The reunion of UgraKarma was one of the best news of last year. It was equally delightful to know that the brothers Bikram and Bijay Shrestha, formerly of Taamishra, are in the new line-up. How did this inclusion come up?
I had already played with Bikram and Bijay when we did a gig together with their band Taamishra in 2009 (with me as guest vocalist when I came to visit Nepal). I had seen that these guys had the drive, the skills and the desire to play death metal. When I came back to Nepal last year, it was natural to pick them to complete UgraKarma's lineup along with Prateek on guitar/vocals. We have a strong lineup now with all the members having been playing death metal for a number of years.
|w/ Taamishra in Ides of March 2008|
Interestingly, UgraKarma's music employs two bass guitars. How did this concept come initially? Were you tending to experiment with UgraKarma’s music?
The use of the second bass was deliberate in that we wanted to make our sound heavier without detuning the guitars/basses too much. Bijay plays a 5-stringer clean bass while I play a fretless with distortion. The distorted bass acts like a bridge between Prateek's guitar-works and Bijay's bass fingerings. It is experimentation to a certain extent because we are breaking with the tradition of two guitars and a bass. But we like the new sound and hopefully it will get better as we keep playing over the years.
Do you believe in the saying that death metal has grown stagnant over these days, with overdone sounds, and bands failing to come up with newer and larger ideas to incorporate?
It has to a certain extent. Origin and Nile are the last bands that I am fans of that had truly original and different ideas and ways of delivering death metal music. Nothing newer has really been able to tickle my fancy. Not saying that death metal has to evolve every few months. I am happy with all the newer bands that are coming out with older influences – mostly primitive black/death/thrash.
In old-school version of death metal like what you guys play, how difficult is to make the music sound innovative and original, yet sticking to the primitive roots?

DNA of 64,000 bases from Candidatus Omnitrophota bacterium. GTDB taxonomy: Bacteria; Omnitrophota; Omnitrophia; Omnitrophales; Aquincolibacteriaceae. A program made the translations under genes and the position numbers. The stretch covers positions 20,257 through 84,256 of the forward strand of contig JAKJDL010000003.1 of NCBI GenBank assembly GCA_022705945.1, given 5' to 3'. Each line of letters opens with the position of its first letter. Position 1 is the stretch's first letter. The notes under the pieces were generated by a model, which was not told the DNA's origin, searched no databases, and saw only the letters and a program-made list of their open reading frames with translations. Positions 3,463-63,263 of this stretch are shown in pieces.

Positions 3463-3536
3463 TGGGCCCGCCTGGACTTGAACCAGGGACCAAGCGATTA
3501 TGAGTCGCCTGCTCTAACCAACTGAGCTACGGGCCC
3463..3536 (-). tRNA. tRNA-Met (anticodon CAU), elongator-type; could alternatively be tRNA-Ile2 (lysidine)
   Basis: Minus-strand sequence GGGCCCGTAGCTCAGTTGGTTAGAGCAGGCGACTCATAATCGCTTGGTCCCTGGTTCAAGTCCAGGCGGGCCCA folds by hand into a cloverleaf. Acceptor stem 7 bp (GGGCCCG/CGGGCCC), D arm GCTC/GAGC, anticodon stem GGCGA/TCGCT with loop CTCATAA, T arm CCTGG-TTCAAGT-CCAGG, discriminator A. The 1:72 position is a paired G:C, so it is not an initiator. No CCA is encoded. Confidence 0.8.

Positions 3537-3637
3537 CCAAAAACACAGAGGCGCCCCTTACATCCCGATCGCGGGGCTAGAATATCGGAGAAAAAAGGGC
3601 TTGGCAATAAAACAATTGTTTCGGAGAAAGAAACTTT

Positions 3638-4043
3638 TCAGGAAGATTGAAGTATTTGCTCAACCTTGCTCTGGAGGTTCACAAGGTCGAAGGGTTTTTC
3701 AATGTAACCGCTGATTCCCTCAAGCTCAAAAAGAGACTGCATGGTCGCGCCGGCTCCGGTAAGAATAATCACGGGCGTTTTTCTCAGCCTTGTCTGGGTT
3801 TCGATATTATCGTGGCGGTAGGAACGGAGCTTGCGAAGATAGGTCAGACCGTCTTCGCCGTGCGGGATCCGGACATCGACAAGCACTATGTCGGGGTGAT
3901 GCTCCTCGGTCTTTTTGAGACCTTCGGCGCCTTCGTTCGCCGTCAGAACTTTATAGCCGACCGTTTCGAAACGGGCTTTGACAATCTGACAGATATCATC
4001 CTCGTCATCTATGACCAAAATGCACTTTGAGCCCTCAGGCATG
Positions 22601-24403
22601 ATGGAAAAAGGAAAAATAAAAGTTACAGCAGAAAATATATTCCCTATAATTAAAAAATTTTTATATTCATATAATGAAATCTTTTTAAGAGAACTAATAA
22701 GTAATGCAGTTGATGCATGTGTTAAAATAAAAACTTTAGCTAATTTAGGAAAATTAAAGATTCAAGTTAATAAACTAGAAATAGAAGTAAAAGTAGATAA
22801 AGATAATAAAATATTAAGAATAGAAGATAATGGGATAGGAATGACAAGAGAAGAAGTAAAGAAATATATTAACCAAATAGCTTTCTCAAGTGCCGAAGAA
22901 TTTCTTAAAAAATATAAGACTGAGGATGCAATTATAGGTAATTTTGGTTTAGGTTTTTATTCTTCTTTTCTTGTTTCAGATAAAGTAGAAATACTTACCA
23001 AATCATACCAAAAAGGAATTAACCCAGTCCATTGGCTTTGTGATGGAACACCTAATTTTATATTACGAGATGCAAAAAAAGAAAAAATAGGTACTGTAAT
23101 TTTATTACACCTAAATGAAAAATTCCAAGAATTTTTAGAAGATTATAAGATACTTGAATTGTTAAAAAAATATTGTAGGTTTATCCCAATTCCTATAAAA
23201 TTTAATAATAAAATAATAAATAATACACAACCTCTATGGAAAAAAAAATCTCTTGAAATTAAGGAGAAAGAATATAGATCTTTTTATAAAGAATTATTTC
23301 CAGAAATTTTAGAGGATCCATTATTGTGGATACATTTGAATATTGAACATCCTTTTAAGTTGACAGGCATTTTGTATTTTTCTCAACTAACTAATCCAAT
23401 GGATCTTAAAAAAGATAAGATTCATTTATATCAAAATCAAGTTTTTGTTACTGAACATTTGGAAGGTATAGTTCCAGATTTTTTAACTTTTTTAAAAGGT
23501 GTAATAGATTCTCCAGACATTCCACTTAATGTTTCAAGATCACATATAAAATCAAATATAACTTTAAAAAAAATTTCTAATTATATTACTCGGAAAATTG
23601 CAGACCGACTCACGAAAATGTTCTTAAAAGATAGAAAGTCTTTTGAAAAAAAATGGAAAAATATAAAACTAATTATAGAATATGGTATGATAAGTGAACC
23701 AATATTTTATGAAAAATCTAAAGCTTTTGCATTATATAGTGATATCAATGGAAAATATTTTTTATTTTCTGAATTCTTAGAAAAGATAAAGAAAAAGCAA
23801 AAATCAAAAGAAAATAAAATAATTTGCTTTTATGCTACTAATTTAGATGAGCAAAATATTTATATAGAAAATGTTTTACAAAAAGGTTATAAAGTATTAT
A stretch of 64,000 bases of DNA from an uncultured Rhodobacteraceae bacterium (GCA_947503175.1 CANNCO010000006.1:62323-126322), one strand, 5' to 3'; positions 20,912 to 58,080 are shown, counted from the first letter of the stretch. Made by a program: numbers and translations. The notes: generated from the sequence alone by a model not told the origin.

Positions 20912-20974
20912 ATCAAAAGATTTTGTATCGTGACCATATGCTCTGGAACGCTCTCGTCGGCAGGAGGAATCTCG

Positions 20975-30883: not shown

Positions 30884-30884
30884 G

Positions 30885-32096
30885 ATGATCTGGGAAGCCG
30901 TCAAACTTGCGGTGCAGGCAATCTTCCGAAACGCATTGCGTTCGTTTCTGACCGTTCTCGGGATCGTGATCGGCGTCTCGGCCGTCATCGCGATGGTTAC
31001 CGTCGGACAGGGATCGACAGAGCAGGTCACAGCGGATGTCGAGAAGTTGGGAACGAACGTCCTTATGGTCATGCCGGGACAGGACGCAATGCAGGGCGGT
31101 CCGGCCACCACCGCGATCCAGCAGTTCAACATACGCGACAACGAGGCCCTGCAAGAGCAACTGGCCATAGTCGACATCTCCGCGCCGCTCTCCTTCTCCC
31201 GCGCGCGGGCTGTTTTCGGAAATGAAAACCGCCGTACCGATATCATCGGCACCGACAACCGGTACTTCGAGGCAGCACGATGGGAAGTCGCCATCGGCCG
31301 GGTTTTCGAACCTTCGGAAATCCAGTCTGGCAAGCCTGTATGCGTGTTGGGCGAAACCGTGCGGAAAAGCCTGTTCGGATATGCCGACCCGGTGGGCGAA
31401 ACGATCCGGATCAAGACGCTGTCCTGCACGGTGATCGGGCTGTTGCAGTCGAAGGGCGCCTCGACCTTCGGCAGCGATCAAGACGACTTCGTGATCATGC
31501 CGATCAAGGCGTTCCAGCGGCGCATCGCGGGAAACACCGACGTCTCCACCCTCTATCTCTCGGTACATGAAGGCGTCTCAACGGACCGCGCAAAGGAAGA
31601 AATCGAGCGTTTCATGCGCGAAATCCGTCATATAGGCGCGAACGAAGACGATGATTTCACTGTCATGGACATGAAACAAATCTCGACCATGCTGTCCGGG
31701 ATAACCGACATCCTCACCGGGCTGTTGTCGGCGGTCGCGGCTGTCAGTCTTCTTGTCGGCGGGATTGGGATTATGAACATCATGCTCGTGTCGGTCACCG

There is always room for creativity no matter what kind of niche music we play. And it's not like there are rules that say we can do this and can't do that. We are an old-school sounding band but there is really no definition to this. Demilich is old-school and so is Morbid Angel, but they are vastly different from each other. There are more than enough notes and beats for all of us to play around and sound distinctive.
What is the songwriting process of UgraKarma like? What comes first – the concept, the structure or the riffs?
What is the songwriting process of UgraKarma like? What comes first – the concept, the structure or the riffs?
In most of the songs, it's been individual riffs first – followed by the song structure with minor addition/deletion. Once we have all the music done, we sit down and write the lyrics. Most songs are composed with the lyrical concept in mind so that the music matches the things we are singing about. So, concept and riffs combine to form the structure which leads to lyrics.
Many UgraKarma fans are aware about your involvement in the Portland-based death metal band Shroud of the Heretic as a guitarist, who released their first EP "Boiled to Death" last year and are about to release the full-length “Revelations in Alchemy”. The band seems to have established a cult following among OSDM fans around the world. Tell us about your involvement and participation with that band.
I joined Shroud of the Heretic after I came across an ad for a guitarist and listened to some rough recordings they had already done with a different guitarist. Once I joined the band, we became a three-piece completely focused on primitive death metal. Thom Gann (vocals/bass), Craig McIntyre (drums) and I (guitar/vocals) started writing songs that incorporated all of our influences. It was great to work with guys that had a similar taste in metal as I did. We did super-heavy, doom-laden death metal with influences from the 80s only. We wrote, played, recorded and released a CD “Boiled to Death” after which I left the US and came to Nepal to do UgraKarma. New album “Revelations in Alchemy” is in the process of being released. All the recordings and post-production is already done for the release.